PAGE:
What is the best material for making gears?

  • #1

Main Question or Discussion Point

For making gears as light and strong as possible, what is the best material to use?
 

Answers and Replies

  • #2
11,483
5,009
Probably nylon. I know choice of material is sometimes dictated by possible failure modes. At college, our physics machinist maintained the school clock tower.

He used a brass gear at one juncture realizing if the clock hands froze in winter then this gear would shear sparing a possible catastrophic binding of the whole clock mechanism.
 
  • #3
OmCheeto
Gold Member
2,114
2,499
Probably nylon. ....
hmmm..... I'm not familiar with any cars with nylon transmission gears. :biggrin:
 
  • #4
CWatters
Science Advisor
Homework Helper
Gold Member
10,529
2,295
They have other requirements such as low wear rates that the OP didn't mention.
 
  • #5
CWatters
Science Advisor
Homework Helper
Gold Member
10,529
2,295
There are lots of different "nylons" some are reinforced with other materials. Some even contain lubricants.
 
  • #6
CWatters
Science Advisor
Homework Helper
Gold Member
10,529
2,295
Last edited by a moderator:
  • #7
russ_watters
Mentor
19,402
5,547
Since we are just guessing I'll add titanium while also saying that the constraint seems odd.
 
  • #8
11,483
5,009
hmmm..... I'm not familiar with any cars with nylon transmission gears. :biggrin:
Duh, how about model cars? :-)

Also, I didn't see where the OP mentioned cars in his/her post.
 
  • #9
Baluncore
Science Advisor
2019 Award
7,412
2,452
The biggest saving in weight is probably gained through using gears with several teeth in contact at the time, say an internal gear with a spur gear inside. Consider also Novikov or High-Conformal Gearing. That will also reduce the weight.

You could always cut smaller gears from a diamond with a laser.
 
  • #11
Nugatory
Mentor
12,614
5,165
hmmm..... I'm not familiar with any cars with nylon transmission gears. :biggrin:
But nylon timing gears were once quite common, before the widespread adoption of timing chains.

Really, the "what is the best material for a gear?" question has no better answer than "It depends." All else being the same, stronger and lighter is better, but we also have to consider factors such as cost, expected lifetime, lubrication requirements, sound properties, acceptable backlash, ......
 
  • #12
OmCheeto
Gold Member
2,114
2,499
But nylon timing gears were once quite common, before the widespread adoption of timing chains.

Really, the "what is the best material for a gear?" question has no better answer than "It depends." All else being the same, stronger and lighter is better, but we also have to consider factors such as cost, expected lifetime, lubrication requirements, sound properties, acceptable backlash, ......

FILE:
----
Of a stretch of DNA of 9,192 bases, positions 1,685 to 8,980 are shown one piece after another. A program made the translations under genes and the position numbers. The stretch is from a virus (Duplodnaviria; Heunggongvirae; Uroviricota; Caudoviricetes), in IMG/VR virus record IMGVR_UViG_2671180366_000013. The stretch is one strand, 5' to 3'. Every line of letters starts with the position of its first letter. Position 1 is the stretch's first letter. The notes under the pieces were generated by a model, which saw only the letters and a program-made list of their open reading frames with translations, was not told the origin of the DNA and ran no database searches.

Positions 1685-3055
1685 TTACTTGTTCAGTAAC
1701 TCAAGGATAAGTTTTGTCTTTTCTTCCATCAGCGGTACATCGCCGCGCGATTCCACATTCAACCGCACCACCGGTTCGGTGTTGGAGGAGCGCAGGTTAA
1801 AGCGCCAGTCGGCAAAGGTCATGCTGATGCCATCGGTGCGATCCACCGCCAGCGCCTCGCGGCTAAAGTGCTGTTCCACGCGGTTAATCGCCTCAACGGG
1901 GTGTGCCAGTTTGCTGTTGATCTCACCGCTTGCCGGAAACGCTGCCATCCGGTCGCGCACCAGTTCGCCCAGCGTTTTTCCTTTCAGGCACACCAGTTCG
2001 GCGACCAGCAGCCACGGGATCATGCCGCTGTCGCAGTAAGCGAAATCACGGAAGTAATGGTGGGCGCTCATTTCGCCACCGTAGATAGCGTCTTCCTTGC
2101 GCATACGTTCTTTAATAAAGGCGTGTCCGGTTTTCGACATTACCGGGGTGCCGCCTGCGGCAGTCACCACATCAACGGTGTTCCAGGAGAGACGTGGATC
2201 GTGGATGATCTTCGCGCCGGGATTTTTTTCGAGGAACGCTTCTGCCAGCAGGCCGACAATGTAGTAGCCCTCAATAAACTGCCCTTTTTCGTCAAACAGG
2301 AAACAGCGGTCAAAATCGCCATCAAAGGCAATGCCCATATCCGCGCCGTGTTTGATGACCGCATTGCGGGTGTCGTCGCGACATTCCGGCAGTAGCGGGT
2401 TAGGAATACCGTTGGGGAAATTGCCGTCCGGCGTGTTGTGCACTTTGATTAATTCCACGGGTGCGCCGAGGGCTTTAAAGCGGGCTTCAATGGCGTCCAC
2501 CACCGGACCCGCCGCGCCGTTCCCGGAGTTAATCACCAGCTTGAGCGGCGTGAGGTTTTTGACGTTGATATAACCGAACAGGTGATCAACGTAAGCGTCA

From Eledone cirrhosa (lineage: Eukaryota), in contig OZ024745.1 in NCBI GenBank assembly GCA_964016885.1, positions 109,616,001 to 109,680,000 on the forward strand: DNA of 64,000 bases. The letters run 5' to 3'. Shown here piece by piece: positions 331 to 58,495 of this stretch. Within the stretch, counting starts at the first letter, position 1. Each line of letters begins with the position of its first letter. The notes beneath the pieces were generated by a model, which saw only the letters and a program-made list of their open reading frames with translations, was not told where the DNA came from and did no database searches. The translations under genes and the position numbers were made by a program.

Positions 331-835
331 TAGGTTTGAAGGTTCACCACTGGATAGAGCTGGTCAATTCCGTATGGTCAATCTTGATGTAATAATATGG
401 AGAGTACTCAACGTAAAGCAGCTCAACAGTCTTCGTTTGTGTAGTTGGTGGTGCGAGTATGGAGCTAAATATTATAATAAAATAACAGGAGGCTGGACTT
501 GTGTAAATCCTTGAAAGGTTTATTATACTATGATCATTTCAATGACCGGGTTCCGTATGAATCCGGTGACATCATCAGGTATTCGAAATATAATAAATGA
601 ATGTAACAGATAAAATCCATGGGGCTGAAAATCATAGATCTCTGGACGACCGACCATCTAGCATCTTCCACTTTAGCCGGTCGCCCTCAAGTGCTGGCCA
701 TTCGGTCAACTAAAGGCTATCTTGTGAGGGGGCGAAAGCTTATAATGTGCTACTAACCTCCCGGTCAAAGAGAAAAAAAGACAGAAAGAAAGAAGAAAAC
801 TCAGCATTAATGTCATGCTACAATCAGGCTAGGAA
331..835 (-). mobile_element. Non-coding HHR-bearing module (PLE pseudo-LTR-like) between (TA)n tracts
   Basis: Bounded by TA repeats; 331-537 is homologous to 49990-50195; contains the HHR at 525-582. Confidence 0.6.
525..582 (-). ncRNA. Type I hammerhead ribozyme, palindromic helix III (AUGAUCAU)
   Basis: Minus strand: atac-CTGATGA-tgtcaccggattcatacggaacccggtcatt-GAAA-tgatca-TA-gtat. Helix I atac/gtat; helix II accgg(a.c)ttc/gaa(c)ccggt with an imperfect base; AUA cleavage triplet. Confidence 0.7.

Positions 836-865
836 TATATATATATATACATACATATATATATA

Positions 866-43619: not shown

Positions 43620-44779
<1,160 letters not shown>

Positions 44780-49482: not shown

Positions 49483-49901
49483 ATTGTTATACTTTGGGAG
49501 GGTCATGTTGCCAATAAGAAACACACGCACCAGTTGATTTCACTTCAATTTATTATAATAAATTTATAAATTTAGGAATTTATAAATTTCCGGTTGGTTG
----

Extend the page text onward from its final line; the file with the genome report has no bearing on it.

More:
And size.

Biggest gear I could find: 271 inch diameter [22.6 ft or 6.88 meters]
Smallest gear I could find: smaller than some horrible looking bug

For making gears as light and strong as possible, what is the best material to use?
Sameh, can you please let us know how big your gears are going to be. And perhaps, the torque requirements?
I've been looking for a reverse gear for a bicycle for several years, and as far as I can tell, no one makes one.
So I'm going to have to make one myself. So the answer to your question will probably help me also. Thanks!

ps. I don't recall seeing any bicycle gears made of nylon either. hmmm..... Guessing we're going to need to know if rocks and sticks and pant legs are going to be going through the gears. Ugh! Why does science have to be so complicated?
 
  • #13
CWatters
Science Advisor
Homework Helper
Gold Member
10,529
2,295
  • #14
Baluncore
Science Advisor
2019 Award
7,412
2,452
But nylon timing gears were once quite common, before the widespread adoption of timing chains.
Unless Nylon or polymer gears are saturated with the right type of oil they will absorb water and other oil components which makes them swell by several percent during use.

Engines once used long trains of metal timing gears. They were heavy and noisy and would typically break teeth when an engine backfired. The capacitor in the magneto or distributor fails, so the timing gear train catastrophically consumes it's teeth.

Laminated composite gears made from fibre reinforced phenol polymers were used because they were lighter weight and were quieter, but the teeth wore down and the gear needed replacing. Laminated gears were substituted by light weight alloy gears that tended to bruise more quickly, or were brittle and fractured.

Steel timing chains were used but stretched as wear accumulated. Chains were noisy and heavy so they clatter when cold and fly out against the spring loaded tensioner blocks.

Stepped rubber belts were then used because they were light weight and quiet with longitudinal fibres to control stretch. But they have a limited life, so if you do not replace them, the engine loses phase and smashes the pistons against the valves, which today economically writes off the vehicle.

There is no one perfect solution to timing control in 4-stroke reciprocating engines.
Likewise, there is no perfect gear material or design. Lighter weight = less reliable = shorter life.
 
  • #15
russ_watters
Mentor
19,402
5,547
OP has not been back to clarify, so the thread is locked.
 

Related Threads on What is the best material for making gears?

Replies
3
Views
705
Replies
10
Views
11K
  • Last Post
Replies
3
Views
1K
  • Last Post
Replies
13
Views
2K
  • Last Post
Replies
3
Views
3K
Replies
5
Views
2K
Replies
7
Views
684
Replies
2
Views
578
Replies
3
Views
1K
  • Last Post
Replies
13
Views
3K
Top